- The majority of 72 coastal communities studied in five countries in the Indo-Pacific region may face significant losses of agricultural and fisheries products — two key food sources — simultaneously under the worst-case climate change projections, a new study shows.
- These potential losses may be coupled with other drivers of change, such as overfishing or soil erosion, which have already caused declining productivity, the study adds.
- But if carbon emissions can be effectively managed to a minimum, the study’s authors say, fewer communities would experience losses in both the agriculture and fisheries sectors, indicating the importance of climate mitigation measures.
- The current global average temperature is 1.1°C (2°F) above pre-industrial times, and climate experts have warned that it could climb to about 3°C (5.4°F) higher by the end of this century if nothing changes.
JAKARTA — Coastal communities in the tropics that rely heavily on both agriculture and fisheries are most vulnerable to the losses caused by high global carbon emissions, a new study says.
It looked at coastal communities in five countries within the Indo-Pacific region and found that most may face significant losses of agricultural and fisheries products — two key food sources — simultaneously in the event of the worst-case impacts of climate change. These potential losses may be coupled with other drivers of change, such as overfishing or soil erosion, which have already caused a decline in productivity, according to the study published July 5 in the journal Nature Communications. When looked at separately, the potential losses for the fisheries sector would be greater than for agriculture, the research showed.
But if carbon emissions can be effectively managed to a minimum, the study’s authors said, fewer communities would experience losses in both the agriculture and fisheries sectors.
“Research in these sectors and the policy prescriptions that come from them are happening in isolation, but in reality they are tightly linked,” Joshua E. Cinner, the study’s lead author and a marine researcher at Australia’s James Cook University, told Mongabay in an email. “About 2/3 of the 3,000 households we surveyed across 5 countries engaged in fisheries and agriculture simultaneously.”
The current global average temperature has increased by 1.1° Celsius (2° Fahrenheit) from pre-industrial times, and climate experts have warned that it could reach about 3°C (5.4°F) higher by the end of this century if nothing changes. Such a scenario is predicted to result in extreme weather events, such as droughts or marine heat waves, that would subsequently affect productivity in agriculture and fisheries.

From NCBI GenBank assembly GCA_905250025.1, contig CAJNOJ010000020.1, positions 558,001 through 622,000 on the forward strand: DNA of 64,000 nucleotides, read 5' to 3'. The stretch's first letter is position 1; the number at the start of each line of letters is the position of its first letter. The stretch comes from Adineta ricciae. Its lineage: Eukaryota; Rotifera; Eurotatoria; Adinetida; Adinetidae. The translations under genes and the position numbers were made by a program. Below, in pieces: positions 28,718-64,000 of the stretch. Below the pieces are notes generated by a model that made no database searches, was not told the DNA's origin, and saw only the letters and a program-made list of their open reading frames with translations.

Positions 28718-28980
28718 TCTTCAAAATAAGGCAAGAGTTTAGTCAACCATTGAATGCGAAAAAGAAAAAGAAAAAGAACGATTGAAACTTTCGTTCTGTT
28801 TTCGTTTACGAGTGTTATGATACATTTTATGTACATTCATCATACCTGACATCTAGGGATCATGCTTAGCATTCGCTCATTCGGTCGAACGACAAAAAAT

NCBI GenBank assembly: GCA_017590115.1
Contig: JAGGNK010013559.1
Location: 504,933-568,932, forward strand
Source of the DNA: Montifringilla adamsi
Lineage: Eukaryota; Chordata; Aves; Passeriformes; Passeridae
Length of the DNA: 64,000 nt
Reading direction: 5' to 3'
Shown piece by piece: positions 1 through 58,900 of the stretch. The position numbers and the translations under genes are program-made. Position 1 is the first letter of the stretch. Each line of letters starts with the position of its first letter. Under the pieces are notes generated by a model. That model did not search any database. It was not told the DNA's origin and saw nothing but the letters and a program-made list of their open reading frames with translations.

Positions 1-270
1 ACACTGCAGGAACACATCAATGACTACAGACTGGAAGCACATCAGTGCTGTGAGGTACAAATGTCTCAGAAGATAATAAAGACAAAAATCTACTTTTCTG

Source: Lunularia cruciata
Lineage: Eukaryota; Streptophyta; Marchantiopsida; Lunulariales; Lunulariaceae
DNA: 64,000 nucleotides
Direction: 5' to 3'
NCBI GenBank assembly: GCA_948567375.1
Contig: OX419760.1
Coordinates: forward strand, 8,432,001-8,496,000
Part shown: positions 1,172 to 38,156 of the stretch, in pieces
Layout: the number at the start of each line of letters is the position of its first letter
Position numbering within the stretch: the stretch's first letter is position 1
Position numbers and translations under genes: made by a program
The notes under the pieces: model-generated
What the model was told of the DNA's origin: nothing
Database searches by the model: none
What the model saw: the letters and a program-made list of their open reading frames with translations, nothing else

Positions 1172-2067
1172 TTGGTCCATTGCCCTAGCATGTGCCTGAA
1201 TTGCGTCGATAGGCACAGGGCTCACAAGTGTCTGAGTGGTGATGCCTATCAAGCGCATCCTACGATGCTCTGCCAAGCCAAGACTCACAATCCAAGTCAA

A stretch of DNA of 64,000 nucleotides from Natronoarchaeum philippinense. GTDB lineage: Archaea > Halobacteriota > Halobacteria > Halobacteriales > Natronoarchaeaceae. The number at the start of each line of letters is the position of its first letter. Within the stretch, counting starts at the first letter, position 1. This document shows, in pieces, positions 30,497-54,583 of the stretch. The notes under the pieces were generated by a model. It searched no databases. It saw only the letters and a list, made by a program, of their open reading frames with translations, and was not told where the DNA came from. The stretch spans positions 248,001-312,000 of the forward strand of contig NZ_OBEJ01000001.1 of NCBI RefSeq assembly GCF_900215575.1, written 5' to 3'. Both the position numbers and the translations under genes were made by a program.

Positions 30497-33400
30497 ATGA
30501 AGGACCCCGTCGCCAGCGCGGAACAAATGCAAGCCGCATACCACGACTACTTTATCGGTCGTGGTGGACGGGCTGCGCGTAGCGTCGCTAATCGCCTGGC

Cinner and his colleagues from science centers in Europe, the U.S., U.K., Papua New Guinea, China, Kenya, Tanzania and Canada analyzed responses from more than 3,000 in-person household surveys. They then cross-checked the results with modeled projections of crop yield losses and fish catches under the shared low and high emissions scenarios published by the Intergovernmental Panel on Climate Change (IPCC) at the United Nations.
“This work proves the suitability of using predictive models at smaller scales to improve the management of local communities,” co-author Marta Coll, a researcher at the ICM-CSIC marine science institute in Spain, said in a statement.
The researchers say their work is the first to assess the impacts of climate change on coastal communities in the tropics, which face more economic difficulties than their counterparts in temperate regions.
While projections of the simultaneous impacts of climate change on both fisheries and agriculture at the national level have been made, they mask substantial variations in how communities are expected to experience the climate effects, Cinner said.
He pointed to Indonesia, where his team found that the country, one of the biggest marine fisheries in the world, could face a 15% average loss in the sector. Some communities may experience three times those losses while others just a third, he said.
“I think the important thing to note is that in countries like Indonesia, there is a lot of variation among sites,” Cinner said, adding that he hoped to have future research that also integrates climate impacts to aquaculture and marine farming.
The authors called on the governments of the countries examined in the study — Indonesia, Madagascar, Papua New Guinea, the Philippines and Tanzania — to improve and expand their climate mitigation efforts, and also to prepare alternative livelihood programs outside the fisheries and agriculture sectors.
But they also noted that alternative jobs often failed and were not a viable substitute for mitigating climate change for the around 6 million coral reef fishers globally as they can’t provide specific social and psychological satisfaction from working in agriculture or fisheries.
“I am really hoping that this work gets scientists and policymakers who are working on fisheries and agriculture to stop treating these sectors [as if they were] operating in isolation,” Cinner said. “Our study shows how tightly coupled they are.”
Cinner, J. E., Caldwell, I. R., Thiault, L., Ben, J., Blanchard, J. L., Coll, M., … Pollnac, R. (2022). Potential impacts of climate change on agriculture and fisheries production in 72 tropical coastal communities. Nature Communications, 13(1). doi:10.1038/s41467-022-30991-4
Basten Gokkon is a senior staff writer for Indonesia at Mongabay. Find him on Twitter @bgokkon.
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